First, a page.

New FCGH Briefing Paper

BriefingThis briefing paper provides the overall vision of the Framework Convention on Global Health (FCGH), how the FCGH would respond to 4 core failings of national and global governance for health, possible treaty models of treaties and other international frameworks that the FCGH could learn from, and an FCGH call to action, including for a World Health Organization (WHO) FCGH working group.


A Rights-Based Framework for the SDGs and Beyond:
A Framework Convention on Global Health
April 2018

A growing movement is galvanizing around a proposed Framework Convention on Global Health (FCGH) – a global treaty based in human rights and aimed at national and global health equality. On December 10, 2017 – Human Rights Day – a coalition of supporters formed the FCGH Alliance. UN Secretary-General Ban Ki-moon issued the following call to action in his report in advance of the June 2016 High-Level Meeting on Ending AIDS: “I further encourage the international community to consider and recognize the value of a comprehensive framework convention on global health.” It is now time for the international community, from individual states to the Director-General of the World Health Organization – the organization mandated to lead the world on global health, and with the right to health as a core constitutional principle – to answer this call.

The FCGH Vision

All people, wherever they live, ought to be able to easily access comprehensive quality universal health coverage in a health system that does not discriminate, and that equally serves poor and rich. All should be able to readily access other universal needs for good health, such as clean water and nutritious food. The right to health, and the equality, accountability, and participation that are central to it, should be infused throughout the health system and integrated in other sectors and legal regimes, both domestically and internationally.
Filling in gaps in accountability, governance, financing, and human rights, the FCGH would help achieve the health goals and targets of the Sustainable Development Goals, while establishing a rights-based framework for health for the post-SDG era.

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A vote for the World’s health, absent from the headlines

Vote FCGHA vote for the world’s health, absent from the headlines

10 November 2016

The World Health Organization process of selecting a new director-general moves into high gear this week. As the U.S. presidential election has held global attention for much of 2016, this is likely the most important vote the world isn’t watching. We cannot afford to ignore the WHO leadership choice, which comes in the midst of a global health crisis.

That crisis is the ongoing epidemic of health inequalities. It is an emergency that lurks beneath the headlines, existing instead in the daily realities of vast portions of the world’s population. We come from two countries, South Africa and Bangladesh, where our governments and civil society are making tremendous efforts to improve the health of our people. We have seen important strides, including scaling up HIV/AIDS treatment in South Africa and unprecedented progress in child and maternal health in Bangladesh.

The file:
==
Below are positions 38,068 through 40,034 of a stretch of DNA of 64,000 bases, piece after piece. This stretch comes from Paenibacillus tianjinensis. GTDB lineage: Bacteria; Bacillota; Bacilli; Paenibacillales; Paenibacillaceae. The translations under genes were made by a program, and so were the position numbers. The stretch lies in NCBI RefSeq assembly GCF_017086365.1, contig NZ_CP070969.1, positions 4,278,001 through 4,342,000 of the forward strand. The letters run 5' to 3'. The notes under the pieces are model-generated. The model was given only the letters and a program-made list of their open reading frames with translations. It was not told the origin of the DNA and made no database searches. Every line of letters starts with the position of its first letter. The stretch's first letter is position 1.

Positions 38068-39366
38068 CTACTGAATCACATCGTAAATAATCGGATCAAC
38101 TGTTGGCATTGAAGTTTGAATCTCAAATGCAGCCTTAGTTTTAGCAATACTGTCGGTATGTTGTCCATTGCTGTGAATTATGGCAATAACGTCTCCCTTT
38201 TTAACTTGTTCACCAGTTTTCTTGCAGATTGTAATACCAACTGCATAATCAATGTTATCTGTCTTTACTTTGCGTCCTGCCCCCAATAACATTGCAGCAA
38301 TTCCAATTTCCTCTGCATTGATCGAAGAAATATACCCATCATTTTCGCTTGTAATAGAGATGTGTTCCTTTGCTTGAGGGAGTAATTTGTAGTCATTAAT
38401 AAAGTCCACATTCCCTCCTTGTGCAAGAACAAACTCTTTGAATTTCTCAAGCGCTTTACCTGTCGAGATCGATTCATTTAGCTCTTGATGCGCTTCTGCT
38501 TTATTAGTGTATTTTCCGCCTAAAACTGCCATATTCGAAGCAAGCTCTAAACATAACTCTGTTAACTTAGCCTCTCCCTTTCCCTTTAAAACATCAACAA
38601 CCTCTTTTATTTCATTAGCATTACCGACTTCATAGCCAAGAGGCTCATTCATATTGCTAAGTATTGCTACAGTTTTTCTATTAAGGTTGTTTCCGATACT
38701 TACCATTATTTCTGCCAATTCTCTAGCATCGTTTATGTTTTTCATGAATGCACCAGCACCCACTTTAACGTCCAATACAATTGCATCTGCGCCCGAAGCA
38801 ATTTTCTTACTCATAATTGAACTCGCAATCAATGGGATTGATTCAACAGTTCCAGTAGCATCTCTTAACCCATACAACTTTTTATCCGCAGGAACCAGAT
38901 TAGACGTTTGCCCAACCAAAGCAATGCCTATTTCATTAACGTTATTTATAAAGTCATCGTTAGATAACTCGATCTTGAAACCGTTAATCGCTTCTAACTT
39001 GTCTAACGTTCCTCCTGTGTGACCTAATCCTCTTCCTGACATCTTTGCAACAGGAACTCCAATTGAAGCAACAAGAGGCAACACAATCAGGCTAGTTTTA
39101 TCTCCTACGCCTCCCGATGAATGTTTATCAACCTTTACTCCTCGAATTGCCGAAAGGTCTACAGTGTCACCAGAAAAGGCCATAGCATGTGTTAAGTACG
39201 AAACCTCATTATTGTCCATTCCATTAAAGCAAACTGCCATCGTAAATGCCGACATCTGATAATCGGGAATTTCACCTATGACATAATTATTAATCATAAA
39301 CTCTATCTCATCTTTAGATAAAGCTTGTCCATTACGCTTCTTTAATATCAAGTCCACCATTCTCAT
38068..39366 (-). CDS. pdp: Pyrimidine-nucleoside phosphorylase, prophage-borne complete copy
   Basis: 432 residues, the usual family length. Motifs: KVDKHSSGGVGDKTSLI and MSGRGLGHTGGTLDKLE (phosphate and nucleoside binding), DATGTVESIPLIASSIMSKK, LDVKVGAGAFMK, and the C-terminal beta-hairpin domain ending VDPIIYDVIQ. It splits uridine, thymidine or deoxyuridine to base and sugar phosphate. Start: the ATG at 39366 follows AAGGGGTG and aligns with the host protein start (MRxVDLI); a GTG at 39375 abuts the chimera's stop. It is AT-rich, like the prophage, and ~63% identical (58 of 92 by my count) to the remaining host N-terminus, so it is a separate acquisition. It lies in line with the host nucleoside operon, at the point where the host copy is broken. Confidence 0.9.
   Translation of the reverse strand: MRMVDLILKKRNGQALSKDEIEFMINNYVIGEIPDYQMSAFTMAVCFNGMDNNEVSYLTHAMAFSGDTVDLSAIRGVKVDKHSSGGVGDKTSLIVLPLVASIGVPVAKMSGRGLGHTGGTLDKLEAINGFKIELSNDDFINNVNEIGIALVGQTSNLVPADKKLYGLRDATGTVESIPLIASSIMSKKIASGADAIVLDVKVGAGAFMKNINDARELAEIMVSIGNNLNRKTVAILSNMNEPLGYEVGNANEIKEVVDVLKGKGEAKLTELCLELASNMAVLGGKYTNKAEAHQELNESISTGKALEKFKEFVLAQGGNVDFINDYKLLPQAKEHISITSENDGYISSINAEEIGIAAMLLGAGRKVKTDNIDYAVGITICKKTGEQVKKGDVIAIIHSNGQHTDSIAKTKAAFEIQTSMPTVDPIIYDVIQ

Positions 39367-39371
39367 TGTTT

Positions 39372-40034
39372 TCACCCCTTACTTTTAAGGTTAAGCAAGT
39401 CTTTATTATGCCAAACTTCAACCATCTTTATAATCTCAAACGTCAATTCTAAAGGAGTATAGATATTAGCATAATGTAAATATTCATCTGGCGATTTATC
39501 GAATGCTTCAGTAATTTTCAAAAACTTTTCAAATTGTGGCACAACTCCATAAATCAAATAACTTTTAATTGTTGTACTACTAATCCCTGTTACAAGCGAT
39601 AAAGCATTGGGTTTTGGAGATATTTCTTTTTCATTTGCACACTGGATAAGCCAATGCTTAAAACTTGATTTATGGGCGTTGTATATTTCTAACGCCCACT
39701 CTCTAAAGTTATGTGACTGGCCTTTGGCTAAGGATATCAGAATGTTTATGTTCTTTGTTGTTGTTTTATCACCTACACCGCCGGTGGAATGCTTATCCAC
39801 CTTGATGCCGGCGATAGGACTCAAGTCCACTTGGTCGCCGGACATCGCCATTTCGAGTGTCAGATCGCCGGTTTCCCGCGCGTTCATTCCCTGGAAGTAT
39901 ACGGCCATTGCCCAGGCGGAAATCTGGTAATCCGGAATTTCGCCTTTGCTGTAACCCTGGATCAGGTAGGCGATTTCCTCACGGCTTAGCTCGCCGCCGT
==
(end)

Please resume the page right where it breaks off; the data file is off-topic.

Yet we continue to see snapshots of huge global inequalities of health on a regular basis. In a sprawling township outside Cape Town, many residents live in wood, tin, and plastic shacks, with toilets far and few between. The latrines are often unusable and, even when functioning, unsafe for women and children to access. In isolated parts of Bangladesh, meanwhile, it is still not unusual for a woman to give birth on the dirt floor of her own home without any trained personnel present.

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FCGH: Addressing Frequently Raised Issues

FCGH IssuesThe Framework Convention on Global Health: Addressing Frequently Raised Issues

May 2016
Issues in this article:
1 The FCGH can build on existing treaties that codify the right to health to better implement rights-based approaches to health;
2 The value of the FCGH as a binding legal instrument;
3 The FCGH could complement other tools to address systematic governance issues;
4 The feasibility of the FCGH;
5 The need for an ambitious treaty;
6 Connections between the FCGH and other international law;
7 The FCGH would add to the current response to global health priorities;
8 The FCGH would build on and relate to existing accountability mechanisms, particularly human rights and SDG accountability mechanisms, and would include measures to help achieve impact at country level;
9 Possible FCGH mechanisms and institutional set-up;
10 Models of treaties that the FCGH could draw from.

The FCGH can build on existing treaties that codify the right to health to better implement rights-based approaches to health.

The FCGH intends to complement and reinforce strategies and tools to implement the right to health, not replace them. The FCGH could open new possibilities to advancing the right to health and speeding its implementation, and by so doing, closing unconscionable gaps in national and global health equity by:

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